- Gently turn your client’s head to the right. Support the client’s right side of the head with your right hand whilst the left hand is placed beneath the left clavicle. Sweep your hand across the left side of the chest and around the cap of the shoulder and up the back of the neck to the base of the skull. Repeat this sequence four times.
- Using the pads of the fingers, press firmly into the muscles in the back of the left side of the neck. Using a fine trembling vibration movement, work from the bottom of the neck up to the base of the skull. Repeat this movement twice before repeating both sequences on the right shoulder and neck.
- Return the client’s head to the centre. Place both hands in the start position under the clavicle and apply digital kneading across the décolleté, starting from the centre and moving outwards on both sides simultaneously. Repeat this sequence twice.
- Starting with your hands behind the shoulders, knead the deltoid, stroking around the back of the deltoid round to the front. Repeat this movement six times.
- Place both your hands on to the trapezius muscle at the back of the shoulders. Use the pads of the fingers to knead the upper fibres of the trapezius muscle four times.Place the fingertips on the front of the shoulders and the thumbs on the upper fibres of the trapezius muscle. Knead the area using the thumbs.
- Return to the start position underneath the clavicle. Using the knuckles of both hands, gently knead in a circular motion across the pectorals, moving outwards, around the deltoid and then round the back of the shoulders, working over the trapezius. Repeat this sequence twice.
- Working up the face, use alternate hands to effleurage up the left side of the neck, lifting the cheek upwards and then moving onto the right side, repeating the movements. Using the thumbs, knead around the chin, with the fingers lightly supporting the underneath of the jaw. From the chin, use your thumb and fingers to knead across the jaw, outwards towards the ears and back to the chin. Repeat this sequence four times.
- Use the fingertips to massage from the corners of the nose up, over the cheeks, towards the temples. Repeat this sequence twice.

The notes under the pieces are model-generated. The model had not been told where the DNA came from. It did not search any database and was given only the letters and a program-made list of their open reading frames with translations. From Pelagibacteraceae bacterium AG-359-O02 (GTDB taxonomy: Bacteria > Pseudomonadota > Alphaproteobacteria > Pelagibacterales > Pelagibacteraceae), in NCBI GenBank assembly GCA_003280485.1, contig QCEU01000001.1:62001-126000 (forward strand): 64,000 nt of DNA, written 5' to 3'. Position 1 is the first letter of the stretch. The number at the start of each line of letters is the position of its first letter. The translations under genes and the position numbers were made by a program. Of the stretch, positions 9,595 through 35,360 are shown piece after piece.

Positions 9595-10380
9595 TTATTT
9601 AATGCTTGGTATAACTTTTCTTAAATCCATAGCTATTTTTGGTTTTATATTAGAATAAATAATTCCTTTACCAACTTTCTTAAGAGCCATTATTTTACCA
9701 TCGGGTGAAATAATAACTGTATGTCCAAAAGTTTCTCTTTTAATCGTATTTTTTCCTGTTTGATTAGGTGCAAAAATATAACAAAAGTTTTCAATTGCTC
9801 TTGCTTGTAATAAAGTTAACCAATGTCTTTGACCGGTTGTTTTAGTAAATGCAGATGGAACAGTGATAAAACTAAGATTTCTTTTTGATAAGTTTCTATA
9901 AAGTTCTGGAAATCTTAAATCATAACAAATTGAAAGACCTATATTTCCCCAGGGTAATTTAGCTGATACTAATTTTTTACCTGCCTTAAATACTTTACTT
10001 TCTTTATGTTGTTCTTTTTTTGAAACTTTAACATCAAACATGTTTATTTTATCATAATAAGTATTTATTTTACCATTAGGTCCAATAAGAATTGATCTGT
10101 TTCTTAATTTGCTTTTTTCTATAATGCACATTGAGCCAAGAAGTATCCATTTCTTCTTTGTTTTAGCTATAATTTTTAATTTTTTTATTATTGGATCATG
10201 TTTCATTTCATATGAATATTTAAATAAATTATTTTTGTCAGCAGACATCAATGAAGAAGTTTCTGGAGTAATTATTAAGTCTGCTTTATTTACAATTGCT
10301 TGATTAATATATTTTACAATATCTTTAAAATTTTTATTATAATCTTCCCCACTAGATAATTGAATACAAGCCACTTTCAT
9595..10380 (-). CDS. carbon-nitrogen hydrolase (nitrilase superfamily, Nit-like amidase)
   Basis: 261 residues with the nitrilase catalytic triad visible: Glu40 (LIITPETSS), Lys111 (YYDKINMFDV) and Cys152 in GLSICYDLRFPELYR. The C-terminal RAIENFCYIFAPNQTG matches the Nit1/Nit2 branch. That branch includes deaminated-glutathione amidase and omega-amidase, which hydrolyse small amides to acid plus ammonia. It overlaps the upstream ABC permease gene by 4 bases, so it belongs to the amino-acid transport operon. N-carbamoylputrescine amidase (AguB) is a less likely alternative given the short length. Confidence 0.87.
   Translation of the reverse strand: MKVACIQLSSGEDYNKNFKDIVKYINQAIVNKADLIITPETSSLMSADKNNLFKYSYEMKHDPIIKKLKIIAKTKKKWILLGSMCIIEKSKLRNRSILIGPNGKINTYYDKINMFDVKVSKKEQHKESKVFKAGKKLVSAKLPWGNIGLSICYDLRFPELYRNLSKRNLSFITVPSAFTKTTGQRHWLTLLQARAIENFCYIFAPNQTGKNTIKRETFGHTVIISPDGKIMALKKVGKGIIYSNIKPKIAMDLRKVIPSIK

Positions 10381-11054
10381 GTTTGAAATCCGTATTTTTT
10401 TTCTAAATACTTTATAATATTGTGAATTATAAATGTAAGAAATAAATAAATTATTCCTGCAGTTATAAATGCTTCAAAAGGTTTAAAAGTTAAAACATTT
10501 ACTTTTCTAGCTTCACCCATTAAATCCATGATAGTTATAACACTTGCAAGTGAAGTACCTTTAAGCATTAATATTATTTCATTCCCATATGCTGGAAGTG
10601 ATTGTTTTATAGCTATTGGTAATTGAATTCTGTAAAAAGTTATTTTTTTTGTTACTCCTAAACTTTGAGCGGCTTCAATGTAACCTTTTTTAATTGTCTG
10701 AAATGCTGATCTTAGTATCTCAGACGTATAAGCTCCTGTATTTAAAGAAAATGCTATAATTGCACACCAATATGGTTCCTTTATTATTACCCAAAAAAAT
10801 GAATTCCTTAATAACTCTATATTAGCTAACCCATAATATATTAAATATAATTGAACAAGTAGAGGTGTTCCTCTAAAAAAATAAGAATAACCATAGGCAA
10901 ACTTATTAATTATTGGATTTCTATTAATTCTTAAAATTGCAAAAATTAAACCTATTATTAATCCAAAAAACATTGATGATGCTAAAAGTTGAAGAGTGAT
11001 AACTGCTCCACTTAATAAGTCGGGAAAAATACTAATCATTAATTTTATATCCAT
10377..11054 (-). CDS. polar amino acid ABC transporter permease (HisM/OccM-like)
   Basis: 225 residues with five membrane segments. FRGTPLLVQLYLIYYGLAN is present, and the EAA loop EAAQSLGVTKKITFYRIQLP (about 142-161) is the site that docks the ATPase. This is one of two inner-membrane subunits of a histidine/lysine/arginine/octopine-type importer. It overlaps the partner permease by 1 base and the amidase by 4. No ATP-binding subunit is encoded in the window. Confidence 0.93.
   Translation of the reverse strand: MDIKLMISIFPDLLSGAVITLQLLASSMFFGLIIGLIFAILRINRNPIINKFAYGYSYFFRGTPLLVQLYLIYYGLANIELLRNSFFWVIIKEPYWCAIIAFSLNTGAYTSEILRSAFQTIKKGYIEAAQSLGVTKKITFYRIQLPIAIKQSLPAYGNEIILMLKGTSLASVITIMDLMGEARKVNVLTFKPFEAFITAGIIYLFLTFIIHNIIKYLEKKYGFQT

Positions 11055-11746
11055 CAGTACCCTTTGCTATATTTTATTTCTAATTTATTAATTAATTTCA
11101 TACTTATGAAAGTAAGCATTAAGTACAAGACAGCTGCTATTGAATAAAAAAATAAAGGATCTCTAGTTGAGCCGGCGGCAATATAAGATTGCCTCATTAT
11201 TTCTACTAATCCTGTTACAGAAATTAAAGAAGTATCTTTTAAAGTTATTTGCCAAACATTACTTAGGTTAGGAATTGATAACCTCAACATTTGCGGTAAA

- Using the knuckles, gently massage from the corners of the mouth, across the cheek and the jaw in a circular movement. Repeat this sequence four times.
- Using the index finger, knead either side of the nose, starting at the outer corners and travelling up to the bridge of the nose.Slide up the sides of the nose to the inner corners of the eyes. Using the index finger, lift the inner corner of the brow upwards, sweeping out across the brow bone to the outer corner of the eye and back underneath the eye to the inner corner. Repeat this circular movement twice.
- Working underneath the brow line, use the index and middle finger of each hand to apply gentle intermittent pressure along the brow at intervals towards the temple before sliding underneath the eye and back to the inner corner of the brow. Repeat this action four times.
- Move the hands to the outer edges of the forehead and massage the temples using the index and middle finger to perform circular movements. Repeat this movement six times.
- Use the fingertips to knead in a circular motion from one side of the forehead to the other and back. Repeat this action twice.
- With alternate hands, use effleurage movements from the top of the bridge of the nose up the forehead. Repeat this four times.
- Massage the sides of the temples using the heels of the hands in a circular motion. Repeat this action four times.
- Returning to the start position underneath the clavicle, use a firm effleurage movement to sweep across the pectoral muscles, round the cap of the shoulders, across the deltoid and the trapezius muscles. Sweep both hands up the back of the neck to the base of the skull. Lighten the pressure and allow your hands to travel down each side of the neck back to the starting position. Repeat this sequence five times.
- Draw the hands up to the forehead and place the palm of one hand over the other. Apply slight pressure before moving slightly further up the forehead and applying pressure again.Move the hands to the sides of the face and hold them there for a few seconds to indicate the facial massage is complete. Remove one hand and then the other.